Georgia AG rejects prosecutor’s request for Rayshard Brooks case to be reassigned
Georgia Attorney General Chris Carr (R) on Tuesday rejected an earlier request from a district attorney seeking to be removed from the case into the police officers involved in the June killing of Rayshard Brooks.
In a letter dated Tuesday to Fulton County District Attorney Fani Willis and shared with The Hill, Carr writes that Willis’s letter late last month requesting that her office be taken off the Brooks case, as well as one against six officers involved in an earlier incident, did not provide adequate reasoning for the office to be “disqualified from these cases by interest or relationship.”
Willis in her letter late last month cited the investigation into former Atlanta Police Officer Garrett Rolfe, who has been charged with several offenses including felony murder in connection with Brooks’s killing, as well as fellow officer Devin Brosnan, who has been charged with aggravated assault and two counts of violating his oath.
Willis cited concerns about the behavior of her predecessor, Paul Howard, arguing that he “obtained arrest warrants against the following defendants for incidents that occurred during the campaign.”
“I believe his conduct, including using video evidence in campaign television advertisements, may have violated Georgia Bar Rule 3.8(g),” she added.
“In addition, as you are aware, my predecessor’s conduct also prompted a referral to the GBI for criminal investigation by you his issuance of grand jury subpoenas at a time when no Fulton County Grand Jury was empaneled,” she continued.
Willis added in the letter that Howard’s actions “create sufficient question of the appropriateness of this office continuing to handle the investigation and possible prosecution of these cases.”
However, Carr wrote in his letter responding to Willis Tuesday that those concerns relate specifically to Howard, and not to Willis or her current role as Fulton County’s district attorney.
“While I understand the concerns that you have raised, those concerns relate to a potential violation of a rule of the State Bar of Georgia by your predecessor and a potential criminal investigation of your predecessor,” Carr wrote, adding, “Both appear fairly obviously to be matters that are personal to your predecessor in office and that do not pertain to you or your office.”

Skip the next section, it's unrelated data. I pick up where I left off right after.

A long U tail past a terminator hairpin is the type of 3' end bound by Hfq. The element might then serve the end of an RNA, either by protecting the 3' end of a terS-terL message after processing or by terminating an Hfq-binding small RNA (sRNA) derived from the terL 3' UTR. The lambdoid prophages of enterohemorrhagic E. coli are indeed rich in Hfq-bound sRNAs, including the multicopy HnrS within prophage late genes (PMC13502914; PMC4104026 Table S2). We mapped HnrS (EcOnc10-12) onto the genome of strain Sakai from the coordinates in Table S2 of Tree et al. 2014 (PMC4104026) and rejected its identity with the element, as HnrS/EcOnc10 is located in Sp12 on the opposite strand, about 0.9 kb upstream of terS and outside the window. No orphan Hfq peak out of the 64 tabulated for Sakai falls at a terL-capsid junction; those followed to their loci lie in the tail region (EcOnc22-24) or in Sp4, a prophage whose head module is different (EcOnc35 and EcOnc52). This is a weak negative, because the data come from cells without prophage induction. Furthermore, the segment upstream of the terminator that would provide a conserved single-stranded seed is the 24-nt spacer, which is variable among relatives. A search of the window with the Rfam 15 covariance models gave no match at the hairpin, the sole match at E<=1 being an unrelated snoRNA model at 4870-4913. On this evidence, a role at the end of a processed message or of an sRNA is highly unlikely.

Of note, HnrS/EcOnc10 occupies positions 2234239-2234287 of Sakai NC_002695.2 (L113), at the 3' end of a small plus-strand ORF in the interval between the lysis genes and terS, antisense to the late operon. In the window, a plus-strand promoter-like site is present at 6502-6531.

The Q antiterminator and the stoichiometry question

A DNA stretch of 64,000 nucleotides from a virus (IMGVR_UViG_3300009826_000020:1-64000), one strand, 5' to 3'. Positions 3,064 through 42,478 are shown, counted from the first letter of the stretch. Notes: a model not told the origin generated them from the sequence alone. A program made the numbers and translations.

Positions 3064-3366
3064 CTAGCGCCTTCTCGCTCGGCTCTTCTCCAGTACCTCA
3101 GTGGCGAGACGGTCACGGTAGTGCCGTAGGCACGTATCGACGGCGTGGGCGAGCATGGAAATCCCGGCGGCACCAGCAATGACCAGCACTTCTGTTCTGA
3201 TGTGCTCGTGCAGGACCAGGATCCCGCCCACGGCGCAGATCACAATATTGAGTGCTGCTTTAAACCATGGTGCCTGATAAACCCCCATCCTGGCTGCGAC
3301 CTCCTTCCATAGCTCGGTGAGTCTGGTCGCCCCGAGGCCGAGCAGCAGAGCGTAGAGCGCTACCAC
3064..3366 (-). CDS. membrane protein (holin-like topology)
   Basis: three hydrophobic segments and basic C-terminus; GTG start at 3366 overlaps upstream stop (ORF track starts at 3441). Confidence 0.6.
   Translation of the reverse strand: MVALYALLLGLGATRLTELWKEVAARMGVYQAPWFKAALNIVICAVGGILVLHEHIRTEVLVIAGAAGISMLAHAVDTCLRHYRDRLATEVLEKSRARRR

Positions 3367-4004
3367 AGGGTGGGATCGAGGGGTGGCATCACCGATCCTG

The attorney general went on to say that, therefore, his office “will not be proceeding to appoint a prosecutor for these cases,” adding that the responsibility for overseeing them remains in the hands of Willis’s office.
The Hill has reached out to Willis’s office for comment.
The attorneys representing Brooks’s family — L. Chris Stewart and Justin Miller — said in a statement shared with The Hill that they planned to meet with Willis next week to discuss next steps for the case.
“While we were disappointed that the Fulton DA made the decision to request a transfer of these cases, we were hopeful that Attorney General Carr would give them to a prosecutor who would pursue these cases vigorously,” the attorneys said. “Now we are left in a state of limbo. Our clients deserve better.”
Viral social media footage from Brooks’s killing captured the June incident, in which Rolfe can be seen shooting at Brooks, striking him twice in the back in a Wendy’s parking lot as Brooks attempts to run away from Rolfe and Brosnan.
Brooks’s death occurred less than three weeks after the police killing of George Floyd, further fueling nationwide protests against police brutality and racism in the United States.
Updated on Feb. 10 at 12:06 p.m.
The Hill has removed its comment section, as there are many other forums for readers to participate in the conversation. We invite you to join the discussion on Facebook and Twitter.